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"There is something delicious about writing the first words of a story. You never quite know where they will take you." Beatrix Potter

Writing Intent

At St Botolphs, we believe that being able to write effectively is fundamental to a child’s ability to communicate. We want our children to find joy and purpose in writing and to recognise that writing is powerful. Our curriculum ensures the children have the opportunity to be creative, imaginative, persuasive and reflective. We ensure that the children recognize the importance of planning, editing, grammar, spelling and presentation within the process of writing and that above all they understand why they are writing.


Writing links to all subjects across the curriculum. History, Geography, RE and science topics are used for both fiction and non-fiction writing. Trips, artefacts, drama, visitors, picture books, fiction books from guided reading or short films may also be used to inspire writing of different genres.

We use high quality texts to support our writing, using the ‘Talk for Writing’ method by Pie Corbett to help children internalize the structures of different text types and ‘Sentence Stacking’ by Jane Considine to drive forward quality sentence structures in every year group, ensuring that grammar is taught within the context of a piece of writing so that the children can see its purpose. Phonics are taught daily in EYFS and KS1. Spellings in KS2 are taught weekly with a focus on high frequency words and topic vocabulary as well as those in the National Curriculum. A focus on immersing the children in high quality vocabulary is ensured in every lesson by making use of ‘The Word of the Day’ to introduce children to tier two vocabulary, often making sure this is linked with our reading and referred to throughout the day in foundation subjects too.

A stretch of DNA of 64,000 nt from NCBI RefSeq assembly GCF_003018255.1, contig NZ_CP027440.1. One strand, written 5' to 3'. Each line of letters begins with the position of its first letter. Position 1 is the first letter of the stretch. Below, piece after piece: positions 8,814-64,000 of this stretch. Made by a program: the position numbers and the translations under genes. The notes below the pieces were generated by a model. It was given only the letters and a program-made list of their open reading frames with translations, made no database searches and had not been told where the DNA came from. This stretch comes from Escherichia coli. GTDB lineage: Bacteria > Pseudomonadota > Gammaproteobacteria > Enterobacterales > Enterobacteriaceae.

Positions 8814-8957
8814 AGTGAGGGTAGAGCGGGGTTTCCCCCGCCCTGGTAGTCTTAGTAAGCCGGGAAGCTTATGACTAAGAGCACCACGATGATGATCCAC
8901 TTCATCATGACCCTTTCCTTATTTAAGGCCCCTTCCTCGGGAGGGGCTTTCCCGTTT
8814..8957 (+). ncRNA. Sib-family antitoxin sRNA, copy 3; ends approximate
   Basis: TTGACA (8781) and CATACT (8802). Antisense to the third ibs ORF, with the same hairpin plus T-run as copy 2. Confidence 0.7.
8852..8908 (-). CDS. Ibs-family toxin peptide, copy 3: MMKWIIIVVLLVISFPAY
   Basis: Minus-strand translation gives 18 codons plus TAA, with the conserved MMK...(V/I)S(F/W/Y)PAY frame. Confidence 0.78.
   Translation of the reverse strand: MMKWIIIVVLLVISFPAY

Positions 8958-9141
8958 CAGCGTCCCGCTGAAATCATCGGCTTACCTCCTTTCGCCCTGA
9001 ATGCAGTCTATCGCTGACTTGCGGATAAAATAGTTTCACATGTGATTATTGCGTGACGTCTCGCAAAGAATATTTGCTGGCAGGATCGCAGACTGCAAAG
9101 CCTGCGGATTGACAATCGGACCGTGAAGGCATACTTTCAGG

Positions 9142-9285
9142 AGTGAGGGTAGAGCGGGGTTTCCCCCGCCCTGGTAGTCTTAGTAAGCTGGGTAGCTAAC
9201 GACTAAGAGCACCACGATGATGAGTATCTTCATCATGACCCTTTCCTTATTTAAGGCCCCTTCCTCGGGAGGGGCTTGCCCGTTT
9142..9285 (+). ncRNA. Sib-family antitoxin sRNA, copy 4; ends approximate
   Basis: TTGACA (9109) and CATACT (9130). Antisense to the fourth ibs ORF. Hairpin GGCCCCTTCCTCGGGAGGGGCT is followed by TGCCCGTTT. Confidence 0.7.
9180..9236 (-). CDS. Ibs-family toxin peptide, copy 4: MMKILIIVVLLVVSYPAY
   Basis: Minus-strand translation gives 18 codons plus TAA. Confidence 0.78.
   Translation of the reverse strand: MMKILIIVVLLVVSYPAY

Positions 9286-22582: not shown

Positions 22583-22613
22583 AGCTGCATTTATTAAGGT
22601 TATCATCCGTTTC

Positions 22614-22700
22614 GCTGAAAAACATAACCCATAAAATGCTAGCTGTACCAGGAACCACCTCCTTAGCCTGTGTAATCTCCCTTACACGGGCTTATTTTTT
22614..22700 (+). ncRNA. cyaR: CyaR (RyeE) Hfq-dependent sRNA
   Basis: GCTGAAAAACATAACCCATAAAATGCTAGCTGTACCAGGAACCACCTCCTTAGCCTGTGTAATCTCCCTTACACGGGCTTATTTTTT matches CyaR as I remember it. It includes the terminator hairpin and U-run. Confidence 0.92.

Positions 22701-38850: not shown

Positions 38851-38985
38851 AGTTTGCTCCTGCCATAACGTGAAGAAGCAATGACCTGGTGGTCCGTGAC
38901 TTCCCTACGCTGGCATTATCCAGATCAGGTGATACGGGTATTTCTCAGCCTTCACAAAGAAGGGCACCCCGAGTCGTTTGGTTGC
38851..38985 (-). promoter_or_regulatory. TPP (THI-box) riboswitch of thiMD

Opportunities for whole class, group and paired writing give children the confidence to try out new skills, observe teachers modelling the writing process and refine their ideas before independent writing. We follow the cursive Letterjoin handwriting scheme, where children are introduced to leading lines in year one. By the end of year 2 the children are expected to be joining their handwriting. In EYFS the handwriting focus is on pencil grip, and the correct formation of printed letters.


Assessment is ongoing. Spellings are checked weekly, handwriting and presentation are continuously monitored. Marking is focused on the learning objectives, but mistakes with high frequency spellings or spellings with patterns/ rules teachers feel the child should be focusing on are also highlighted. Independent writing is a regular feature in every classroom. This writing is closely marked and assessed each term so that staff know what each individual child needs to do in order to progress. Staff meet termly in phases and collectively to moderate writing and discuss priorities for individuals and cohorts for the following term.

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